Martin (1992: 518):
It is important not to confuse the semiotic space under construction here with either of two independent dimensions; the interpersonal distinction between proposals and propositions, and the experiential distinction between activities and things. Pursuing the MOOD opposition first, monitoring texts for example can be 'imperative', telling someone what to do (e.g. ærobics class), or indicative, telling someone (e.g. a small child) what is going on (or is about to).
 To be clear, "the interpersonal distinction between proposals and propositions" is one of speech function (semantics), not mood (lexicogrammar). The difference between the systems is stratal.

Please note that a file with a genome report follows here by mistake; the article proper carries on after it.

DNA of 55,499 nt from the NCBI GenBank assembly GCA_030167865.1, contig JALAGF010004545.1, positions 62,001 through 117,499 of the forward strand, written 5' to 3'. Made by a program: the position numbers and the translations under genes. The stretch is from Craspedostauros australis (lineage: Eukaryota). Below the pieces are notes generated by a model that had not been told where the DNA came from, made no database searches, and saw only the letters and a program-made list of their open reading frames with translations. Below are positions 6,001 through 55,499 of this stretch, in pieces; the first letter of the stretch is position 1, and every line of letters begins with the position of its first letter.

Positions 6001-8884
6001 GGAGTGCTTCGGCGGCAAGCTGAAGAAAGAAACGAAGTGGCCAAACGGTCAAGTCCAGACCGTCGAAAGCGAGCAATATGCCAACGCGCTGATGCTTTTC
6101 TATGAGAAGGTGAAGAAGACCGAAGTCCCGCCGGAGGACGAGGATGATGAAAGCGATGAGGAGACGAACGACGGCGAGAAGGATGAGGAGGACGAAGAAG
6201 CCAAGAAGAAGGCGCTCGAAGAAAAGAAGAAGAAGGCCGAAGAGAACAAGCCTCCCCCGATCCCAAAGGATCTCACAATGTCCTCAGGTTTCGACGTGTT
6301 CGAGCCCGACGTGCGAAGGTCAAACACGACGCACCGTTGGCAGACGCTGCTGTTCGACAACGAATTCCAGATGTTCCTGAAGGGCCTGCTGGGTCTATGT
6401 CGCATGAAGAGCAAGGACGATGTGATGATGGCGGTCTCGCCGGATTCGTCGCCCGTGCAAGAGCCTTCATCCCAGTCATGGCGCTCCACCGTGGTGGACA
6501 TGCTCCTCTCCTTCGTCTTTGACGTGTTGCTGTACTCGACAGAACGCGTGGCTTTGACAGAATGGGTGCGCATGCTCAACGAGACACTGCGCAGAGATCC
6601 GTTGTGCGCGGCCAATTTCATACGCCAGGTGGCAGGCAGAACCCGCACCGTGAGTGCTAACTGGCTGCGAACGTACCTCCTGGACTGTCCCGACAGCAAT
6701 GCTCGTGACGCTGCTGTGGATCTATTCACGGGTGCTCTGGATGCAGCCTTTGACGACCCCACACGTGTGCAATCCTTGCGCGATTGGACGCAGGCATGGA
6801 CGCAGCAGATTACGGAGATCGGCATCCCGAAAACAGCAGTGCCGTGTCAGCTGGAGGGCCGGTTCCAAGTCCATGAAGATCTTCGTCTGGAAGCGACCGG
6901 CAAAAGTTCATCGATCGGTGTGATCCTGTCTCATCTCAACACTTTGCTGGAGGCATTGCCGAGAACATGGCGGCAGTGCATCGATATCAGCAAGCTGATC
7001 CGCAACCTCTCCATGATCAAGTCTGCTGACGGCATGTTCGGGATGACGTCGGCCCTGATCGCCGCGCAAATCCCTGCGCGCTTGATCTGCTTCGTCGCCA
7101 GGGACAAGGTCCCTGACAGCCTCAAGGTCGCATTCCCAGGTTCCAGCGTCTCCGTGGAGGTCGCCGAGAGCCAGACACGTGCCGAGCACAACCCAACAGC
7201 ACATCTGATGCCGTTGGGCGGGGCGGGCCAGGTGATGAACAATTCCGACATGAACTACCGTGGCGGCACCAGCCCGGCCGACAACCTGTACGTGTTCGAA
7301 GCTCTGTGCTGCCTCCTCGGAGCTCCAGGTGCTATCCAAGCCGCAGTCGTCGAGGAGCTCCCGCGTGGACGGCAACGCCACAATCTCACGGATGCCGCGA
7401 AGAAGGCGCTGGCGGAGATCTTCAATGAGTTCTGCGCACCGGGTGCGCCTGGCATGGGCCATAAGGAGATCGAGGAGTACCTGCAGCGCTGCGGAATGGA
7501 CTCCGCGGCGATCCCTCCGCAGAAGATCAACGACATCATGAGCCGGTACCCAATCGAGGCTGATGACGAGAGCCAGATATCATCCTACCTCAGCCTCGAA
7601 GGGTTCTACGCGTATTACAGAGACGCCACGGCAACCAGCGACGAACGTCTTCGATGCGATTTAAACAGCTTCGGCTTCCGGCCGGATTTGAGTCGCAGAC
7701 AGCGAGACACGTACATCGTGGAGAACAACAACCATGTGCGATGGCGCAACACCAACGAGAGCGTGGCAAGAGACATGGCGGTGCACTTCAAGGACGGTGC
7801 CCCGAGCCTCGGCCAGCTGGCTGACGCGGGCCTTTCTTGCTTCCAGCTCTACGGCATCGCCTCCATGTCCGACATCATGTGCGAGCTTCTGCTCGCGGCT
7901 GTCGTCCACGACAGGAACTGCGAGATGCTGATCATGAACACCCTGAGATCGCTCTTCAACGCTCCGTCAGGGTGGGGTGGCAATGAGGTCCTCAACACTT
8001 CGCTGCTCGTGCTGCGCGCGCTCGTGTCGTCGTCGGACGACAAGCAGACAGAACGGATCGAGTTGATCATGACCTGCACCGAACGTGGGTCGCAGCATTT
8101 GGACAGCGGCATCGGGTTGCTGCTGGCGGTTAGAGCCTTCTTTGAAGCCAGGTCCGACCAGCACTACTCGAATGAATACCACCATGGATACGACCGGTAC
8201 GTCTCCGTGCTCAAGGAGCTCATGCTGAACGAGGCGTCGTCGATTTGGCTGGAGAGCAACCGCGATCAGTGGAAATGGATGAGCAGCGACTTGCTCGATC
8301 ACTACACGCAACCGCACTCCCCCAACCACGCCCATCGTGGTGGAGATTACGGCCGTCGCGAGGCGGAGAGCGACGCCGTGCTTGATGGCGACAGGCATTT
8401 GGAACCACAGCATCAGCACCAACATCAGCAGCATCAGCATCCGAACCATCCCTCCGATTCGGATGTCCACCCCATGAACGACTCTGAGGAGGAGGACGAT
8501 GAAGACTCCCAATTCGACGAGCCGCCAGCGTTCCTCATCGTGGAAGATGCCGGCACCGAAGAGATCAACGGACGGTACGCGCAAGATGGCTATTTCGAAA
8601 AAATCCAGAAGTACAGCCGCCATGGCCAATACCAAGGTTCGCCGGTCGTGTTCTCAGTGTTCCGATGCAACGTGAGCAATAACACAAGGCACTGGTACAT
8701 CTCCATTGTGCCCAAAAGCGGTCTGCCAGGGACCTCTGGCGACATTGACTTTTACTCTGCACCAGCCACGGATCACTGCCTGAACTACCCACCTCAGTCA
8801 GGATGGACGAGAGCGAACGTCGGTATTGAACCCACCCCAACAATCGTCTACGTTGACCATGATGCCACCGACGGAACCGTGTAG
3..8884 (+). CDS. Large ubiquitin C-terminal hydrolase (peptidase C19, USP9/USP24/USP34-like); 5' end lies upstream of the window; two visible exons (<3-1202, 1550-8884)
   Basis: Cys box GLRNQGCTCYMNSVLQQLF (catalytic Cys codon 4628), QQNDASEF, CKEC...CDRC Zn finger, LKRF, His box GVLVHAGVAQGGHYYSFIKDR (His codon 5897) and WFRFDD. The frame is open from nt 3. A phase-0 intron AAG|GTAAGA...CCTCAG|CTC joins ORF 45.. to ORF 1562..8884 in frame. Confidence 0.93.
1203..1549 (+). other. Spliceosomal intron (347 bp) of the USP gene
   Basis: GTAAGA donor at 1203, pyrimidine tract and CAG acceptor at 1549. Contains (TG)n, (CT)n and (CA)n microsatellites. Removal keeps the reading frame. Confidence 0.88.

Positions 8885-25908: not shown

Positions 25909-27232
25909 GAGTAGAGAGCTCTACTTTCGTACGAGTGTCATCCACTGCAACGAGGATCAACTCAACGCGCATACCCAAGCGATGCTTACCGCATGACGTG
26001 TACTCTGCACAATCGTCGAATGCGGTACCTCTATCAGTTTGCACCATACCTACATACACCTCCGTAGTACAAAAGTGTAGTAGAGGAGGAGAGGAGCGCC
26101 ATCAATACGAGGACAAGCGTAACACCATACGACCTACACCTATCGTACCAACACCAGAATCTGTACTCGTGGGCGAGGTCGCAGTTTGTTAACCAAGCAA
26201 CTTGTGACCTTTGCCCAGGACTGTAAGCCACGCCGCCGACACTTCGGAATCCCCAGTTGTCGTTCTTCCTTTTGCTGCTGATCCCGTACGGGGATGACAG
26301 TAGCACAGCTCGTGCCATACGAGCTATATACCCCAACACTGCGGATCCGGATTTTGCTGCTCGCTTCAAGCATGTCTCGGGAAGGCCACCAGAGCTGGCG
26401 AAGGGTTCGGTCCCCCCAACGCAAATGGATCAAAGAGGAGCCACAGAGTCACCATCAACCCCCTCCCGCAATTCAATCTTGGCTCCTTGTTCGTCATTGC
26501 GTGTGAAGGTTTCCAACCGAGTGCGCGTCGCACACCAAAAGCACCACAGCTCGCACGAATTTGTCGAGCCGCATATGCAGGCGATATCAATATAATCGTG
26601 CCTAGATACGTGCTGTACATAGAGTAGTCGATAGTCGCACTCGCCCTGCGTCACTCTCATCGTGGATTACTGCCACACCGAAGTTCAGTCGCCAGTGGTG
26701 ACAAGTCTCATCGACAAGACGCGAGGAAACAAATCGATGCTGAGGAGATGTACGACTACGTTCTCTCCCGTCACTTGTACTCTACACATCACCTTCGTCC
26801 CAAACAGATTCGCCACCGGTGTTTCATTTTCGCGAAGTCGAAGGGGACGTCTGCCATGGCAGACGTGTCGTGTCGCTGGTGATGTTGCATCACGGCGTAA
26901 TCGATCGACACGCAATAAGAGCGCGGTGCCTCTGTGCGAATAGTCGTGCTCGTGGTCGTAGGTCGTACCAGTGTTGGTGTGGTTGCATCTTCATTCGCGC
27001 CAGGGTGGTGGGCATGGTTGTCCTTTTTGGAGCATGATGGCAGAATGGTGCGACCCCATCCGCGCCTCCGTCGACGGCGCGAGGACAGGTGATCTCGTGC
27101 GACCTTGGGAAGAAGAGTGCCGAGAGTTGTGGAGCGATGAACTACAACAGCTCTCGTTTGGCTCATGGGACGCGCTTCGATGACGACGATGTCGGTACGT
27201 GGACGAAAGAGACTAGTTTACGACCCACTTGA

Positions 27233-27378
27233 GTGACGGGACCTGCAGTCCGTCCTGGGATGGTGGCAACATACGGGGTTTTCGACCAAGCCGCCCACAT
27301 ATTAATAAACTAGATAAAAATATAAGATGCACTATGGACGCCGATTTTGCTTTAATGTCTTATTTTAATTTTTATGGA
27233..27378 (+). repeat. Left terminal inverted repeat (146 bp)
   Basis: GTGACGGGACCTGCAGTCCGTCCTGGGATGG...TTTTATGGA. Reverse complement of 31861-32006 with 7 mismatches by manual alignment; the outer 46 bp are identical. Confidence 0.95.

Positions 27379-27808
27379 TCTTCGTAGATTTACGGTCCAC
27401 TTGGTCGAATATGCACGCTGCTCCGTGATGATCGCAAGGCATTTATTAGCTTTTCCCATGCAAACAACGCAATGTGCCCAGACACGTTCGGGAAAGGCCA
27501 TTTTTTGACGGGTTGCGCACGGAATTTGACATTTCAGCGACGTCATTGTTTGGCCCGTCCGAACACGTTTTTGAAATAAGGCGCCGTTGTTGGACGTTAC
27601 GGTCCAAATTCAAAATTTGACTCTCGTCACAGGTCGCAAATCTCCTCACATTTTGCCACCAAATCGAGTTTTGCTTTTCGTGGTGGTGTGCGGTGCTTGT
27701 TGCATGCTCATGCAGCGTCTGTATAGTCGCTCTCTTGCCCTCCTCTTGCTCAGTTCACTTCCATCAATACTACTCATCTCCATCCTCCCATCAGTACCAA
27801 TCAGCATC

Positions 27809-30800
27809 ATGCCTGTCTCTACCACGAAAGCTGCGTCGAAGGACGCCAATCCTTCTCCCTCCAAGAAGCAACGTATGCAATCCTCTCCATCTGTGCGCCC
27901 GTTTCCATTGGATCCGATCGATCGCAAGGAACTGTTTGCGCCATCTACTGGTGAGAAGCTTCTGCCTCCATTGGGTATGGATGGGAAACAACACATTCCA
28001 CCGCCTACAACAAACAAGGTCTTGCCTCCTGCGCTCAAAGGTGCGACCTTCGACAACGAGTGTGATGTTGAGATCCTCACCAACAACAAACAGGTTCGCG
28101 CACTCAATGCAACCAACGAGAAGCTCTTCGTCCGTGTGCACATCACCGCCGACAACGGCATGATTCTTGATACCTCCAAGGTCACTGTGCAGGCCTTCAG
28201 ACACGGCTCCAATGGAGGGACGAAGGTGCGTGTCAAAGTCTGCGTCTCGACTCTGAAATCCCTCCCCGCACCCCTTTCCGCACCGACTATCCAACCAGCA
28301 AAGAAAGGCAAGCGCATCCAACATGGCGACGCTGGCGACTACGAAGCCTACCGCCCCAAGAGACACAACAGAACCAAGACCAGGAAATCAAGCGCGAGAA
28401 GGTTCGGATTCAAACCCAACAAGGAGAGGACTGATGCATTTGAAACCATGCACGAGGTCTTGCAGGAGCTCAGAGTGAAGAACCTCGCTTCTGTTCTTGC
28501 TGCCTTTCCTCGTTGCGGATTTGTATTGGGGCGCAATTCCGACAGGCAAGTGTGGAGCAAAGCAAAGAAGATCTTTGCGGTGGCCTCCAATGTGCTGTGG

A text that tells someone what to do is not a monitoring text. Synonyms of 'monitor' include:
observe, watch, keep an eye on, keep track of, track, keep under observation, keep watch on, keep under surveillance, surveil, check, keep a check on, scan, examine, study, record, note, oversee, supervise, superintend
 In an ærobics class, the language that 'tells people what to do' is instructing, not monitoring. Further, the rôle of language (Hasan 1985/9) in such a situation type is ancillary, not monitoring. (Martin distinguishes monitoring from ancillary.)
 Telling someone what is about to happen is predicting, not monitoring.
The fundamental confusion here is that the discussion is presented as theorising mode, the systems of the textual metafunction at the level of context. Here, instead, the discussion is concerned with the interpersonal dimension of linguistic content — semantics (speech function) and lexicogrammar (mood) — of registers. The confusion is thus simultaneously along three theoretical dimensions: stratification, metafunction and instantiation.